10. Why does the CCPA give you the right to ask to have back personal data others have gathered about you on the Web, rather than forbid its collection in the first place? (Imagine a law that assumes that all farmers’ horses are gone from their barns, but gives those farmers a right to demand horses back from those who took them. It’s like that.)
  11. Why are we stuck in an online economy in which advertisers work constantly to grab our attention, rather than one in which our intentions as buyers run the show?
  12. Why, 22 years after The Cluetrain Manifesto said, we are not seats or eyeballs or end users or consumers. we are human beings and our reach exceeds your grasp. deal with it. — is that statement still not true?

Let’s go back to that video, by Paul Trevithick, of the Mee Project. The closing frame tells the whole story of our situation today:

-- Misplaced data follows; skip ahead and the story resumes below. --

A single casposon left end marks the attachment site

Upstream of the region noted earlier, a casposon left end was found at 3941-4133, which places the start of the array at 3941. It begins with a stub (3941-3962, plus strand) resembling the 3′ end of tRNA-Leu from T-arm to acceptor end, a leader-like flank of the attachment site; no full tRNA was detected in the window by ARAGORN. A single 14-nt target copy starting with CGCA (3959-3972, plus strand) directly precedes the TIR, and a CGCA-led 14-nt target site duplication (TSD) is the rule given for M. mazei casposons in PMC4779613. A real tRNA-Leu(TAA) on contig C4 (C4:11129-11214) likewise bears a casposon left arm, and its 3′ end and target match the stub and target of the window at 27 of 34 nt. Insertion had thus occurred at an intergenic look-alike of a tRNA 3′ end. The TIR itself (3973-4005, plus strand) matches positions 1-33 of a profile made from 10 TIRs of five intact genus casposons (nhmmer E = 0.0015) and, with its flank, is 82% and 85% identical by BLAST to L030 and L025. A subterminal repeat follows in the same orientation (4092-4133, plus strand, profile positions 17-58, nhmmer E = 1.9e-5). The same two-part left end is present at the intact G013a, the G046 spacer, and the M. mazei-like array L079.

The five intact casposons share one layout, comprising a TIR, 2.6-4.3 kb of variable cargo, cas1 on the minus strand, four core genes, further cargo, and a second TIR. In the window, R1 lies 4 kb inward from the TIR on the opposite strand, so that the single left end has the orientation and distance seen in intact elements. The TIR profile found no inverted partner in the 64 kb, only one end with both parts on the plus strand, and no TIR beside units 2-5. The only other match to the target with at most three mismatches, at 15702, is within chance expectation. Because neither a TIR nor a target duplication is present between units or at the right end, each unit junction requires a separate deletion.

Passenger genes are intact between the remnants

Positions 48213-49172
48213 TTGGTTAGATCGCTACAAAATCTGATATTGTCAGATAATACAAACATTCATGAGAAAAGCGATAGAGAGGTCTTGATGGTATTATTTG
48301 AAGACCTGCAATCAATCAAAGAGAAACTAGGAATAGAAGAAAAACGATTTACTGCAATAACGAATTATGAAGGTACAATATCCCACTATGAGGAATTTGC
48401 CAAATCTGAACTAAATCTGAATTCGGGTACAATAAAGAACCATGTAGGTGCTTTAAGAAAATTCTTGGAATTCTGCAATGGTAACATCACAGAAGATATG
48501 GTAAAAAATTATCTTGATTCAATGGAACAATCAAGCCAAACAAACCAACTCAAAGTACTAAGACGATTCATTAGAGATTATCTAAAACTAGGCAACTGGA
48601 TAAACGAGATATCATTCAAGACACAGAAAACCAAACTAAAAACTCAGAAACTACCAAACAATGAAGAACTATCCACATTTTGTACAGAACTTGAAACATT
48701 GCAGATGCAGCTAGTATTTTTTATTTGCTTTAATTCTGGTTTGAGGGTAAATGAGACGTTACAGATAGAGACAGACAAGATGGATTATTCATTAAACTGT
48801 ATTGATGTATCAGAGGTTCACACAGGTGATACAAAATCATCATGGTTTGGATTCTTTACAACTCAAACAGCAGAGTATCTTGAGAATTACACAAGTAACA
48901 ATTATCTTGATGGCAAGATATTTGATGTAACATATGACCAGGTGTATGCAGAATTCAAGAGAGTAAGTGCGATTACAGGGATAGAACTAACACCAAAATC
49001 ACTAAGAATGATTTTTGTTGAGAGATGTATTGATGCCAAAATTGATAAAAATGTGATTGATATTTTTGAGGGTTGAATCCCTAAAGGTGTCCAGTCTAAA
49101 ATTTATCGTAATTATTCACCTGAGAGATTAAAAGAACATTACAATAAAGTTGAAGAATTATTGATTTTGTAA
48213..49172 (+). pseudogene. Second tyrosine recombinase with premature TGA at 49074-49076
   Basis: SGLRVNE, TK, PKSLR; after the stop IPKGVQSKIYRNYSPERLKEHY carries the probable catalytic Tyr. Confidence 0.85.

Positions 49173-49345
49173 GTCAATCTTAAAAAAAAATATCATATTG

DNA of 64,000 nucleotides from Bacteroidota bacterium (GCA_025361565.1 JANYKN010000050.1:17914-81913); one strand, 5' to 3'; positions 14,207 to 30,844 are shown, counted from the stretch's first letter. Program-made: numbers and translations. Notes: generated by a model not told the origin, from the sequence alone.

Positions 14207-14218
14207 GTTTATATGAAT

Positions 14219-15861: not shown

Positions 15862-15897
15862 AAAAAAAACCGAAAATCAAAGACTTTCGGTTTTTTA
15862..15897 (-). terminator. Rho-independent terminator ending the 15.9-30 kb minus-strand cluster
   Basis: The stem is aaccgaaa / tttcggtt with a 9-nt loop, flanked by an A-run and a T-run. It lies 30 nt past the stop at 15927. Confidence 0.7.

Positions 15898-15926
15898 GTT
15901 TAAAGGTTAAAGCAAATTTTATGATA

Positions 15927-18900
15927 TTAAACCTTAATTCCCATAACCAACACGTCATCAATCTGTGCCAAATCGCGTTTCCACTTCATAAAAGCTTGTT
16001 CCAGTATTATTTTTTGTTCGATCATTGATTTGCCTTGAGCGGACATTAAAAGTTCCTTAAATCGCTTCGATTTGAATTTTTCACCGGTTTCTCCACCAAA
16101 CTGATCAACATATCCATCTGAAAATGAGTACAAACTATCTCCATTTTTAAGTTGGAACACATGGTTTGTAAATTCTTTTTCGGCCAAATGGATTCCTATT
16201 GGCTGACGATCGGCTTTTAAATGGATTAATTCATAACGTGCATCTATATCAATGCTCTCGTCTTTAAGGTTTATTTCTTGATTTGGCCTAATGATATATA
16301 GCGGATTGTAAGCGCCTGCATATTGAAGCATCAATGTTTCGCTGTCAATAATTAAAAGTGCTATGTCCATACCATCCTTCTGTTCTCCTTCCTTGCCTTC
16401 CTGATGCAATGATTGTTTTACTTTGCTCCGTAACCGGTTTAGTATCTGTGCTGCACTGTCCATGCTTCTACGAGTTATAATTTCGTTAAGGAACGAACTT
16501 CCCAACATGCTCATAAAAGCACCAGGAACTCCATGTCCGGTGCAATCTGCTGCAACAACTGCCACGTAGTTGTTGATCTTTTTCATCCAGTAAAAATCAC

Source: Personal Data Management on the Internet, by Paul Trevithick

It’s easy to blame the cookie, which Lou Montulli invented in 1994 as a way for sites to remember their visitors by planting reminder files — cookies — in visitors’ browsers. Cookies also gave visitors a way to remember where they were when they last visited. For sites that require logins, cookies take care of that as well.

What matters, however, is not the cookie. It’s what makes the cookie necessary in the first place: the Web’s architecture. It’s called client-server, and is represented graphically like this:

This design was drawn up in the era of centralized mainframes, which “users” accessed through client devices called “dumb terminals”:

On the Web, as it was in the old mainframe world, we clients — mere users — are as subordinate to servers as are calves to cows:

(I’ve been told that client-server was originally a euphemism for “slave-master.” Whether true or not, it makes sense.)

In the client-server paradigm, our agency is limited to what servers allow or provide for us. Our choices are what they provide. We are independent only to the degree that we can also be clients to other servers. In this paradigm, a free market is “your choice of captor.”